Friday, November 16, 2012



Does Beijing love or hate the Net?
Updated: 2012-11-16 08:04
By Philip J. Cunningham ( China Daily)

Contrary to the notion that China is an enemy of the Internet, and vice versa, there is increasing evidence that Chinese netizens, the largest online community in the world, and the government alike, are embracing the Internet in a lasting and constructive way.

The question of sovereignty and cyberspace is not an either or proposition, but a yin-yang dialectic; China is changing the Internet and the Internet is changing China.
The result won't look exactly like the Internet in the United States or Japan - why should it? - but it will by necessity sustain a very high degree of free information flow, which means tolerance for diverse views, while at the same time taking at least limited regulatory measures against hate speech, jingoism, libel, virtual lynching and so on.
The challenge is to get the balance just right, like harnessing a horse in a way that respects the integrity of the horse and does not impede its power, grace of movement or speed but allows for a modicum of guidance.
In terms of governance, the Internet in China has already introduced a number of positive developments. While the "voice of the people" as heard on the Net is not strictly democratic or statistically representative, it is a collective voice that bears paying attention to. At the same time, segments of the population without Internet access, or those disinclined to use it, need to be taken into account as well.
Another boon of a freewheeling Net is giving citizens a virtual town square or place of petitioning where grievances and miscarriages of justice can get the attention they deserve. Positive lessons can be drawn from the recent protests over land rights and incompetent governance that have gained enough traction on the Internet to bring about judicious intervention from responsible authorities.
Perhaps the most immediately useful aspect of a vigorous Internet in China is the uncanny speed and wealth of detail it brings to exposing corruption and official misdeeds across the vast and less than easily accessible reaches of the world's most populous country. With information coming in from all points and all points of view, on a shared platform viewable by all, potential calamities can be addressed, if not nipped in the bud, and looming problems can get a fix before tumbling out of control.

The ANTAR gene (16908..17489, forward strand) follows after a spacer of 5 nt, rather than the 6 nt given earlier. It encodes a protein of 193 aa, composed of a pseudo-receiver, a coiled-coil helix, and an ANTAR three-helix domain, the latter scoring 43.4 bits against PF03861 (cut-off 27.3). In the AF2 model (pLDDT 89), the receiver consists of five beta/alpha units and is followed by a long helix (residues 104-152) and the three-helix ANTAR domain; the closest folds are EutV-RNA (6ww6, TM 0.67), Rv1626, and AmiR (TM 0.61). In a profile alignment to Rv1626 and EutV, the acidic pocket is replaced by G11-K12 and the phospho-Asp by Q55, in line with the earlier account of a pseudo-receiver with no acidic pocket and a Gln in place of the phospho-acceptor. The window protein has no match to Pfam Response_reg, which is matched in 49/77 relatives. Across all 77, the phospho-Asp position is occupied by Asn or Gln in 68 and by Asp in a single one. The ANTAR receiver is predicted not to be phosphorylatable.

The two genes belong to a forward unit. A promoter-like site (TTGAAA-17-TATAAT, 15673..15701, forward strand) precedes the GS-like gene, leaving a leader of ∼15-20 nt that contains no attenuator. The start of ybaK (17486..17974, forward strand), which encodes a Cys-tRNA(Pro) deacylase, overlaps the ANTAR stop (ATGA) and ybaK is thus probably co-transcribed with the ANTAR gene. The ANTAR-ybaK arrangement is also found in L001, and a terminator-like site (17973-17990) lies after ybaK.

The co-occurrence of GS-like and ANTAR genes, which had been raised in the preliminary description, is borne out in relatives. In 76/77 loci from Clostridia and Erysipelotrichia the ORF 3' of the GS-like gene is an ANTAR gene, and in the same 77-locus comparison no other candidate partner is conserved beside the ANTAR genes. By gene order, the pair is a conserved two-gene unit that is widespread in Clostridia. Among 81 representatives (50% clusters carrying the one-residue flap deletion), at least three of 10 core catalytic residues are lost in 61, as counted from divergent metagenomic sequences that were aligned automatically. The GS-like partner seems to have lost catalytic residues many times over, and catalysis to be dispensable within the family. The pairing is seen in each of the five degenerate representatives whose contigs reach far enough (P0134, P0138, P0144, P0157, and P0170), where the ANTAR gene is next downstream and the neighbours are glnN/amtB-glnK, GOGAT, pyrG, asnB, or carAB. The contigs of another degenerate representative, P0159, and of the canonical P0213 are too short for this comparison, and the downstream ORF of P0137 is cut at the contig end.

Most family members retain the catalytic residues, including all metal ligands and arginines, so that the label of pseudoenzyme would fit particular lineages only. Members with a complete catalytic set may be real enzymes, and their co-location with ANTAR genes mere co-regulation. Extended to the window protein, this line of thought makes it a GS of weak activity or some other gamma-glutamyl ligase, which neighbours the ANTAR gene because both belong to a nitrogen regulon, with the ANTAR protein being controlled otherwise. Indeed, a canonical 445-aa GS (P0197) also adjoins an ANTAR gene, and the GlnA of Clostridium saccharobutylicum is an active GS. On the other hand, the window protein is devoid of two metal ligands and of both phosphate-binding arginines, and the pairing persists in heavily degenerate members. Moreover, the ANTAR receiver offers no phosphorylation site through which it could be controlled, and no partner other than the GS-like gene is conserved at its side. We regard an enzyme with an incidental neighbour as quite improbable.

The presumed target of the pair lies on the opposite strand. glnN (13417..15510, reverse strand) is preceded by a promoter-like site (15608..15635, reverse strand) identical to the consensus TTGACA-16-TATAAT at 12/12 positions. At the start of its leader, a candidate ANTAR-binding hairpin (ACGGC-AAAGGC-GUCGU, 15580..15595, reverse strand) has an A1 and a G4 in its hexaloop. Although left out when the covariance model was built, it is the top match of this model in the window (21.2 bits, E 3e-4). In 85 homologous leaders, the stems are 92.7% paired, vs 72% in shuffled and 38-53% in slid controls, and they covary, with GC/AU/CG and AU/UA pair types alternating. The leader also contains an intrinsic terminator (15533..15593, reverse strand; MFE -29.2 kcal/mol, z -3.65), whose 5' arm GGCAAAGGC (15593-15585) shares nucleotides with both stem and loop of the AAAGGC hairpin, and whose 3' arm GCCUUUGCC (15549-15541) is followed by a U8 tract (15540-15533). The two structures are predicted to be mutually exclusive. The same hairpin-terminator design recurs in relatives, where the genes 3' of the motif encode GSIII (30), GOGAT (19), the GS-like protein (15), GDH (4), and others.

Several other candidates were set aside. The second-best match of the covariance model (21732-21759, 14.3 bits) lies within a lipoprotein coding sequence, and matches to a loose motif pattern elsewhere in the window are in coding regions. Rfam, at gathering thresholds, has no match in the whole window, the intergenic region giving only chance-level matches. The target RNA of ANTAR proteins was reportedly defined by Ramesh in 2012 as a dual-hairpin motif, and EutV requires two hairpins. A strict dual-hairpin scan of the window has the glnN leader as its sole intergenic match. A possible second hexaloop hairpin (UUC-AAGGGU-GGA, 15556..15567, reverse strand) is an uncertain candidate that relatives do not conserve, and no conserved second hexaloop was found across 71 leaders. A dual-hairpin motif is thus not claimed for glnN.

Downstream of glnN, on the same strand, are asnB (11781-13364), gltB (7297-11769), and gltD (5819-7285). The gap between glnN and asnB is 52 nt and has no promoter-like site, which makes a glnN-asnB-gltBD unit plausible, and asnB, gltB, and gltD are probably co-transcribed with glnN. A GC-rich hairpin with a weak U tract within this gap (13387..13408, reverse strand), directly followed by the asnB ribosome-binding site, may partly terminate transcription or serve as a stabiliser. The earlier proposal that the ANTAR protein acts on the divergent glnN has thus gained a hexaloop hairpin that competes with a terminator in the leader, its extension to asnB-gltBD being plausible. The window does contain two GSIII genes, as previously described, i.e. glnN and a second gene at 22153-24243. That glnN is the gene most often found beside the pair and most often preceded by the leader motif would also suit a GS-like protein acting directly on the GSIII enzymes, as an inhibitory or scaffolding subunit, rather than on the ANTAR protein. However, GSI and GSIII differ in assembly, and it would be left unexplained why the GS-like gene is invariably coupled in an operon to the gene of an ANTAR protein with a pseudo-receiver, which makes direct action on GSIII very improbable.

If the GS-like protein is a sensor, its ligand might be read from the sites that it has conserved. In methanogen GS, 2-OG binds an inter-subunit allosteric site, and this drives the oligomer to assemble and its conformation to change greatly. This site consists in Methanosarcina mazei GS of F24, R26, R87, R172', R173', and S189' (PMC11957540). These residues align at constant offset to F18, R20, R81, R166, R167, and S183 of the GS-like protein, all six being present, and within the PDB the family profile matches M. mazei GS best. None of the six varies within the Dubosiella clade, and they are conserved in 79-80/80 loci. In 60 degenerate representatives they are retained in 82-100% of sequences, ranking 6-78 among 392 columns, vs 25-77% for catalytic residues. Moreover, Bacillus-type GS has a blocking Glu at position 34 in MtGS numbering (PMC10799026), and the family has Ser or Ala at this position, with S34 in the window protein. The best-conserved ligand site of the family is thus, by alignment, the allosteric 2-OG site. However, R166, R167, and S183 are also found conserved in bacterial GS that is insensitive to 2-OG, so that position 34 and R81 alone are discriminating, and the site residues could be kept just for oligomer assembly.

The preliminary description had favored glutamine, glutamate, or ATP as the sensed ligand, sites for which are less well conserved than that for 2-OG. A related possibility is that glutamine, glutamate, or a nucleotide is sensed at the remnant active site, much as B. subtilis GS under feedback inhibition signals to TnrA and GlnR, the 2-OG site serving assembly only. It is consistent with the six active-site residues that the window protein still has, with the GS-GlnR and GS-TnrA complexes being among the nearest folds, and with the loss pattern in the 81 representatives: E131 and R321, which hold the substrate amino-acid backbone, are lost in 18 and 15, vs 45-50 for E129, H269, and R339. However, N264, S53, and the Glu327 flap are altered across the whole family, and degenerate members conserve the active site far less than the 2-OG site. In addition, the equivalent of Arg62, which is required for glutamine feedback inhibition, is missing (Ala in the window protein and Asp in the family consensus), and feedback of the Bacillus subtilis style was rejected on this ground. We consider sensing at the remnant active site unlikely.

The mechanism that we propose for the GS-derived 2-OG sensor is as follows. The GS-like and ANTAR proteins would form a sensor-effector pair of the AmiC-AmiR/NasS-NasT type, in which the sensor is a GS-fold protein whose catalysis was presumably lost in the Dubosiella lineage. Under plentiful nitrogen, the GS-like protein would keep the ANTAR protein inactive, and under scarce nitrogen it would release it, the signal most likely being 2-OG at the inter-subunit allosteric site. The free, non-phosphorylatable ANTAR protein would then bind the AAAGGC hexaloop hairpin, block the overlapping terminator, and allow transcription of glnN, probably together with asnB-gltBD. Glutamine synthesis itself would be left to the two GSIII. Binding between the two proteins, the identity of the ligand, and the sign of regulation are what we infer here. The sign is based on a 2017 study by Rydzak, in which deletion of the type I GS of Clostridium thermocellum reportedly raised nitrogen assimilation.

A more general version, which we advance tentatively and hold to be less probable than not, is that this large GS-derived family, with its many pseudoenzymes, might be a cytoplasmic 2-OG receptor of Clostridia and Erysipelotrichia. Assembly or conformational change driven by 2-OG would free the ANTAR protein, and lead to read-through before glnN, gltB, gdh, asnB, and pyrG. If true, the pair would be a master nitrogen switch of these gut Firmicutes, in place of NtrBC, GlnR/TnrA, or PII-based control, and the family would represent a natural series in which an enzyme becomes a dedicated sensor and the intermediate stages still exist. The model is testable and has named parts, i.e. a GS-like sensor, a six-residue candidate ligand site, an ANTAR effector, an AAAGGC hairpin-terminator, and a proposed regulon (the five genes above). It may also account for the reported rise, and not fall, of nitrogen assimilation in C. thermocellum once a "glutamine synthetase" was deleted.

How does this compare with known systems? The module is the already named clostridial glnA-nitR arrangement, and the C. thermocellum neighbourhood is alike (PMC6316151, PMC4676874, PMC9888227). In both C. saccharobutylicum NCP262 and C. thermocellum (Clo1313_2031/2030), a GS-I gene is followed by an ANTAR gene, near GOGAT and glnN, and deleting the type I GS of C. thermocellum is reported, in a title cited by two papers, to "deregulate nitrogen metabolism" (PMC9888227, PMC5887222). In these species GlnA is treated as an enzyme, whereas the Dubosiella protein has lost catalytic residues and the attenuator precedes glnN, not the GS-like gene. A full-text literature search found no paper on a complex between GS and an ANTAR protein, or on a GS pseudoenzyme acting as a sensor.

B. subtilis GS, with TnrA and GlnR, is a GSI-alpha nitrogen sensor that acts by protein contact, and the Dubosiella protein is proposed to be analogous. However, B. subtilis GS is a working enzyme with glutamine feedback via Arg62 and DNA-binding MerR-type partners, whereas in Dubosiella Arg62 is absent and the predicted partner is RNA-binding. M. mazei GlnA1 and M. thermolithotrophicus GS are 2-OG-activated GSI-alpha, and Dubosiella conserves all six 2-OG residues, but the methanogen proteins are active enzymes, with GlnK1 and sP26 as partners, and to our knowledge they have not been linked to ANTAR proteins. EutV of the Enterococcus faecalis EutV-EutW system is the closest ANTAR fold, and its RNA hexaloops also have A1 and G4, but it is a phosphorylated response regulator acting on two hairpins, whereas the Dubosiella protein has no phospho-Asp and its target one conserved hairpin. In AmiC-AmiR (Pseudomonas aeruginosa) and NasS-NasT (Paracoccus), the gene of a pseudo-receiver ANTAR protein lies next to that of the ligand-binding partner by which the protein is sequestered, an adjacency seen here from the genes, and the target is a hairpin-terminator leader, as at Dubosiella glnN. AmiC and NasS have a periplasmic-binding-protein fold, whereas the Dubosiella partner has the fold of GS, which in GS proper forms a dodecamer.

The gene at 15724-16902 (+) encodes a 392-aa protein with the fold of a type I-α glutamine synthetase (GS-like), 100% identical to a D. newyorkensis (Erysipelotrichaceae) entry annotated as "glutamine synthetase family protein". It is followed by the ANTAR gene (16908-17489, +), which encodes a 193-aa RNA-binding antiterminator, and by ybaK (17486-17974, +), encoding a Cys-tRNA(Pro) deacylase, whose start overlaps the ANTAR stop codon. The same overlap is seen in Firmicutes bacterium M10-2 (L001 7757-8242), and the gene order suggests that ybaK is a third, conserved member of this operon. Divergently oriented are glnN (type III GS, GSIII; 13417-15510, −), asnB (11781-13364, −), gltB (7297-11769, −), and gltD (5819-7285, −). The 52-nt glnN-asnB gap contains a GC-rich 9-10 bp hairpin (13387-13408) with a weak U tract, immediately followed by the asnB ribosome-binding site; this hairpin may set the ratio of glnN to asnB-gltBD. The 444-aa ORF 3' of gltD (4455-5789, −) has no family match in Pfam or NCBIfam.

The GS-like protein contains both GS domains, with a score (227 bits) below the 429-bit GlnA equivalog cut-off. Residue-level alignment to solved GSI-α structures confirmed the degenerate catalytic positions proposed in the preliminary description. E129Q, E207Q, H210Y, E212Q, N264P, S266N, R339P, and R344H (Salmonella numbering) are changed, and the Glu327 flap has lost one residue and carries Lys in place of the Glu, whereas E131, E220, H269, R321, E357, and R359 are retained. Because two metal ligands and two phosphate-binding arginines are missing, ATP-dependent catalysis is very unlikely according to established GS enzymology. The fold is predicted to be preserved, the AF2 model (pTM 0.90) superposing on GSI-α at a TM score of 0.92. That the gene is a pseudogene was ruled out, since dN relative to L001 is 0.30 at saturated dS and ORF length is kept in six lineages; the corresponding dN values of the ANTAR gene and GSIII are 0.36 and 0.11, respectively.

The lingering perception among American triumphalists that the Internet would be the ruin of the Communist Party of China's governance is completely wrong. Instead, the Internet is proving to be a boon to the CPC, and it is helping to improve governance and promote stability.
Fits and starts, notwithstanding, what has emerged from the dialectic interaction of the State with this "democratizing technology" is the creation of an interactive feedback mechanism that serves to make government more transparent and efficient while validating policy that is in tune with popular needs. It creates instant and accessible pathways for the ruled and rulers to communicate back and forth.
If doubts remain about the wisdom of embracing the Silicon Valley's gift to the world, it is partly to blame on the Internet evangelism of people like US Secretary of State Hillary Clinton who have a habit of hectoring other countries into following the American way.
Yet it is within China's right as a sovereign nation to say: "No thanks, Google, no thanks, Facebook. Your technology is cool, your algorithms are awesome, but the way you sell private and personalized information is not so cool. The way you share information and cooperate with your government is understandable, but not so cool for us. Our cyber domain is open, but not open to heavy-handed domination by you."
Just as there is Washington consensus versus the Beijing consensus when it comes to political and economic development, there is emerging a duality in how to approach information manipulation and dissemination. Call it Google versus Baidu, or Twitter versus weibo. There's something to be said for the blossoming of indigenous social networks and software rather than yielding without resistance to a Silicon Valley monoculture which would see the entire planet's information needs, and information vulnerabilities, in the hands of a few big American companies.
Come what may, in one form or another, the Internet is here to stay; the risks of running with it are far less threatening than the dangers of closing it down, an act which would not only be impossibly unpopular, but also would be as counterproductive as draining a pond to catch fish and burning down the forest to hunt game.
Leaving the boon to business and commerce aside, taking down the Internet as a tool of governance would strip away effective and efficient means of keeping in touch with the pulse of the people; it would allow unattended problems to spiral out of control and it would destroy vital feedback loops that are part and parcel of a dynamic information flow.